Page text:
Oreo QR Code
- QR Code
- Google Charts QR Generator
- QR scanner
- Database Driven HTML5 Mobile Web App
- 441 Oreos
How could we use a QR code for a brand who’d give us total freedom?
We don’t really understand the QR code frenzy. QR codes should only be used to trigger a meaningful online experience from a physical context where only a mobile device is handy, but for some reason they’ve gotten slapped onto everything in the past few years. And they’re so ugly. But instead of fighting against things, we like fixing them a lot more. So we started thinking – what would we do if a brand gave us total freedom to use a QR code however we wanted? Naturally we took the question to the lab.
The QR Code
First things first: the generic QR code appearance needed some work. We’d seen some beautiful codes built out of physical objects, so we decided to take that concept up another level – what if we picked a brand whose products could be used to assemble the code, so the product literally became the marketing? We quickly landed on Oreos because they’re small, uniform, affordable, and tasty to clean up. Second, we needed a meaningful link for the code to open once it was scanned. To do that, we considered where we would want to install this enormous QR code if we really had been hired. Imagine you’re walking with friends on a crowded downtown street and you come across a huge Oreo QR code, sitting beautifully behind glass. You all stop and laugh for a second, impressed and a little shocked. One of you says, “I have to see if this works.” So you scan the image, and it really does pull up a site. What should the site have on it?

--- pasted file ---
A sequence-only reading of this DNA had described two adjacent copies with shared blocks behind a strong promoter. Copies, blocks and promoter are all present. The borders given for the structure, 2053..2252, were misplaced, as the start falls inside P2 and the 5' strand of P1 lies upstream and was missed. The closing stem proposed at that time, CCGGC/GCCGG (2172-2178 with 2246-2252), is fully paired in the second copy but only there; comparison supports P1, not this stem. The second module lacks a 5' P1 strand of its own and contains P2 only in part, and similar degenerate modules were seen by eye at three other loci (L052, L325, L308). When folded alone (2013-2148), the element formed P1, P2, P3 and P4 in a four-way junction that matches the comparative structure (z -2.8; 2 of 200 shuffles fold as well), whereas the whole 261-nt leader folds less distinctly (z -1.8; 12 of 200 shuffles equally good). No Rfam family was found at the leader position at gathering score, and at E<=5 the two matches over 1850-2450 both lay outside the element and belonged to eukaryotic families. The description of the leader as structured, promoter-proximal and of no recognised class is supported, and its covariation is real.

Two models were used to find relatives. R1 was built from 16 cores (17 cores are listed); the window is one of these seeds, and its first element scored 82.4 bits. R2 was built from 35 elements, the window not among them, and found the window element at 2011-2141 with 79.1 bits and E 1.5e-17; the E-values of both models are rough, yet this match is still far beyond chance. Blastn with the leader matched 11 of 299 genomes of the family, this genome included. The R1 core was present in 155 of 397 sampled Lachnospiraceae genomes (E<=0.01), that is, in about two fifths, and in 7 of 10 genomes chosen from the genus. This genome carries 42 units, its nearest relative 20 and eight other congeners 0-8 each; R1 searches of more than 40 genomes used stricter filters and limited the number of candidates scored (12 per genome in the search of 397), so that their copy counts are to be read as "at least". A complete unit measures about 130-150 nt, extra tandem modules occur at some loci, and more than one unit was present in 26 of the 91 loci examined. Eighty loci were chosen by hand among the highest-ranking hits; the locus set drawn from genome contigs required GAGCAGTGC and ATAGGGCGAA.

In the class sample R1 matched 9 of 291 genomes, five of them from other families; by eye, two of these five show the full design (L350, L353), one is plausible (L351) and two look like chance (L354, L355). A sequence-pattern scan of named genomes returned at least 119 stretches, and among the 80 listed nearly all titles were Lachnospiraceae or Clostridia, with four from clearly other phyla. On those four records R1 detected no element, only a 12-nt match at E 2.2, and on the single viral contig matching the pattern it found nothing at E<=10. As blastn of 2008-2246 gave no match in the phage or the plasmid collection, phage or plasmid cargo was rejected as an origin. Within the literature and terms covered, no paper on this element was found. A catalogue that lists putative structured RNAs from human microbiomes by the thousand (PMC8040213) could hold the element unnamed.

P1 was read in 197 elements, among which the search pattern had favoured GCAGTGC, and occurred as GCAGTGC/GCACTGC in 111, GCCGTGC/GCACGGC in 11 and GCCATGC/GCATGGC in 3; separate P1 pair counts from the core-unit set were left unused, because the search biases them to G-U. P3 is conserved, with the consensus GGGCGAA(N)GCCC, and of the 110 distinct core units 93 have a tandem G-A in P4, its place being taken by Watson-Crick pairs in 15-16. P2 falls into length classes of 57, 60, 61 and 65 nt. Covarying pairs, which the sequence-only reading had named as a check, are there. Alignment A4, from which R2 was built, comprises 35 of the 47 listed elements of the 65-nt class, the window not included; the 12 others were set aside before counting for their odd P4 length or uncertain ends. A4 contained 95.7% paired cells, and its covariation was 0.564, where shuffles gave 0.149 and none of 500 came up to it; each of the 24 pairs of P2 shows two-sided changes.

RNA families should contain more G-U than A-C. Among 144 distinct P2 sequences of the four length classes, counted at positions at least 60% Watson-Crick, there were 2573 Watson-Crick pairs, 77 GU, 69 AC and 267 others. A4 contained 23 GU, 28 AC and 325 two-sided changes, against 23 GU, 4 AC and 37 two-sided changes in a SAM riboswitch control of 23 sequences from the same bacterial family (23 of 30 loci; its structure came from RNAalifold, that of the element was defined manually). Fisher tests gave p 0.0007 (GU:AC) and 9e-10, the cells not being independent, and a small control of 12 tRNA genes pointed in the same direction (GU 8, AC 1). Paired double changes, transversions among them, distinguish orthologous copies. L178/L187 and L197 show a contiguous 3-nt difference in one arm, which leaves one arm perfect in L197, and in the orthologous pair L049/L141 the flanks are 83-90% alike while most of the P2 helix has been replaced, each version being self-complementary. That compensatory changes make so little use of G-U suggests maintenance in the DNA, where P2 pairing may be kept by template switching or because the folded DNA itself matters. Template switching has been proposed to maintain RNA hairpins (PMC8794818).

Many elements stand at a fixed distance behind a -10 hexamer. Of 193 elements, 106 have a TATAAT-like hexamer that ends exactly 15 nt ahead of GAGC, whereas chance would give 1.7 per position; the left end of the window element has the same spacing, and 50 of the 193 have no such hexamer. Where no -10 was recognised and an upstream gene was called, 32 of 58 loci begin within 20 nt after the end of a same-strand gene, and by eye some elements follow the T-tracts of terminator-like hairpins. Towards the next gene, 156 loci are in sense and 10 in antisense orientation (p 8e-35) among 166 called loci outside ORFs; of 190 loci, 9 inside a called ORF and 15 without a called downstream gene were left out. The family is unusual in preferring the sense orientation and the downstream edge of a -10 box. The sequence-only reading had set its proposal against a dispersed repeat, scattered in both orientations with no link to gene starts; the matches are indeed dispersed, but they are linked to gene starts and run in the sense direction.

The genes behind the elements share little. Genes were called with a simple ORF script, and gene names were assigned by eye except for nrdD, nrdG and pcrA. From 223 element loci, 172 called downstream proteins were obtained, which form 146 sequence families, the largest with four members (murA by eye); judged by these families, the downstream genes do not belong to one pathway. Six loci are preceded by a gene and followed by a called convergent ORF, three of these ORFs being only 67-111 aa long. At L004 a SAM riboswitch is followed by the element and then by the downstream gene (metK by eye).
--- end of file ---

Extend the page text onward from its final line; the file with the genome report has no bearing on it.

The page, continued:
The Web Experience
Meet QReo, a mobile-centric landing page designed specifically for you, the person who came across the Oreo QR code on that busy street and took the time to find out where it led you. You’re greeted with a very simple question: “What do you love most about Oreo cookies?” Or if you prefer not to answer, you can simply look at what others said who have stood where you stand and scanned what you scanned. It’s simple, unexpected, and highly personal. That’s what a meaningful experience is all about.
The Taste of Victory
441 Oreos later (and 35 that magically disappeared during the process), we had ourselves a working QR code. But the real victory was in how alluring people found it. Even without being installed in public, the public wanted to see it – a feat not many QR codes have ever accomplished. In the first six months, the QReo video received 25,728 views and 234,540 loads. It was written about over 20 times by publications like Engadget and Laughing Squid. It even earned over 300 tweets. Tasty, huh?